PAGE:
Hans Grimm

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Hans Grimm (1935)

Hans Emil Wilhelm Grimm (born March 22, 1875 in Wiesbaden , † September 27, 1959 in Lippoldsberg an der Weser ) was a German writer and publicist . His book title “ People without Space ” became the motto of the National Socialist expansion policy .


Childhood and youth

His father, the legal historian and university professor Julius Grimm (1821-1911), was a member of the state parliament of the National Liberal Party and in 1882 he was involved in the establishment of the German Colonial Association. The lawyer and member of the Reichstag Karl Grimm (1826-1893) was a brother of his father.

As a child, Grimm was shy and dreamy. He lived a secluded life as he was severely visually impaired as a result of an accident and also suffered from allergies . He showed talent as a writer at an early age: at the age of twelve, he wrote a drama about Robin Hood . After graduating from high school in 1894, he began to study literature in Lausanne , but dropped out after a year under pressure from his father.

From 1895 he trained as a foreign trade merchant in London. After its completion in 1897, Grimm was hired by a German trading company in Port Elizabeth ( Cape Colony , today South Africa ). From 1901 he was a self-employed businessman and port agent in East London and also ran a farm. In 1908 he came to Germany for a short time.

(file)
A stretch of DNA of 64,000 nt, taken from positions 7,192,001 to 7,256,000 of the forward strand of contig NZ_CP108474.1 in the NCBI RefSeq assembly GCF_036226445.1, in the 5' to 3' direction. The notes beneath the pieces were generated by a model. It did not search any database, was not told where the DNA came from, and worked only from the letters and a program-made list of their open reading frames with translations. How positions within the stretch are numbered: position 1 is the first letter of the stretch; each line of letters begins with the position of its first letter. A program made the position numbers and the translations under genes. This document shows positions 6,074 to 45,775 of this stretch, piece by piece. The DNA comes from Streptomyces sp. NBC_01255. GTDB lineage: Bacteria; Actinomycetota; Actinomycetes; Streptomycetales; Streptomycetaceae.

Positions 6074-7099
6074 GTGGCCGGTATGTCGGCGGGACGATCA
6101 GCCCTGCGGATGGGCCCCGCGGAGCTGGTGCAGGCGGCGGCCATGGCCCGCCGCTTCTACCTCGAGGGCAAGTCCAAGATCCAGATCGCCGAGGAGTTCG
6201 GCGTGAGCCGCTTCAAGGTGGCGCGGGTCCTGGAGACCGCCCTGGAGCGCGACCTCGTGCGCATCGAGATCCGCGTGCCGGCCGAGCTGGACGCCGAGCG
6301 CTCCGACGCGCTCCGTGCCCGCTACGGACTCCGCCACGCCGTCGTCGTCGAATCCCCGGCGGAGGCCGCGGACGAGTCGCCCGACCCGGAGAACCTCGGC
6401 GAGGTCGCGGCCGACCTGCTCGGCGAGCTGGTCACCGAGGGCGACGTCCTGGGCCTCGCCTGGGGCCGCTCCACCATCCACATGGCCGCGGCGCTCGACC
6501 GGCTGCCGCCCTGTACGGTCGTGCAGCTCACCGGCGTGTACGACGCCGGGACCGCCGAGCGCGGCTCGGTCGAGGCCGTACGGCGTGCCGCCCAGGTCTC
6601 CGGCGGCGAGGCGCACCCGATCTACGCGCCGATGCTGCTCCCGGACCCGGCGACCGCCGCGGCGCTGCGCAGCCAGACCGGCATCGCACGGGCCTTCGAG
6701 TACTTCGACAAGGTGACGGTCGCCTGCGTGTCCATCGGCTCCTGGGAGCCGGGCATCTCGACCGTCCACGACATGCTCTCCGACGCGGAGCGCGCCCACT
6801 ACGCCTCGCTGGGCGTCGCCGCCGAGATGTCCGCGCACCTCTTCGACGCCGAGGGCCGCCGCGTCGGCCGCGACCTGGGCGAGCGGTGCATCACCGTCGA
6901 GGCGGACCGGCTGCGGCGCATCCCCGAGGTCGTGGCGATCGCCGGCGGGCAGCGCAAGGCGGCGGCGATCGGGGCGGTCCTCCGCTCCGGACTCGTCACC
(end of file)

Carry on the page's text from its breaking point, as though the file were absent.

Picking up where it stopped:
Career as a publicist and writer

In 1910 he returned to Africa on behalf of the Berlin-based Daily Rundschau and wrote press reports from the former German colony of German South West Africa , now Namibia. In his texts from this period, the catchphrase “ living space politics” appears for the first time , with which he later became widely known. In the 1920s he returned privately to South West Africa for a visit and brought back photos of the most varied of motifs from this region, which, according to current research at the German Literature Archive in Marbach , can be assigned to some of his literary works.

After returning to Germany in 1911 he began studying political science in Munich (1914–1915) and in Hamburg . He also worked as a freelance writer. In 1913 the South African novels appeared , in which he processed his impressions from German South West Africa and articulated a racist attitude towards the African inhabitants.

During the First World War , Grimm initially served as a soldier on the Western Front and later as an interpreter. In 1917 he wrote on behalf of the Supreme Army Command, Der Ölsucher von Duala . Due to a lack of paper, the book was not published until 1918. According to Uwe-Karsten Ketelsen, it was up to him to propagate “the colonial ambitions of the German Reich and its ruling classes”. The book was republished in 1933. According to its own statement, it served the Langen Müller Verlag to "raise its profile in National Socialist Germany". In National Socialist literary historiography it was known as the “emergency book of the white race in general” ( Hellmuth Langenbucher ). After finishing the novel, Grimm was employed as a military propagandist in the Supreme Army Command. Its task was to "explain the German innocence of the war" to the neutral foreign press.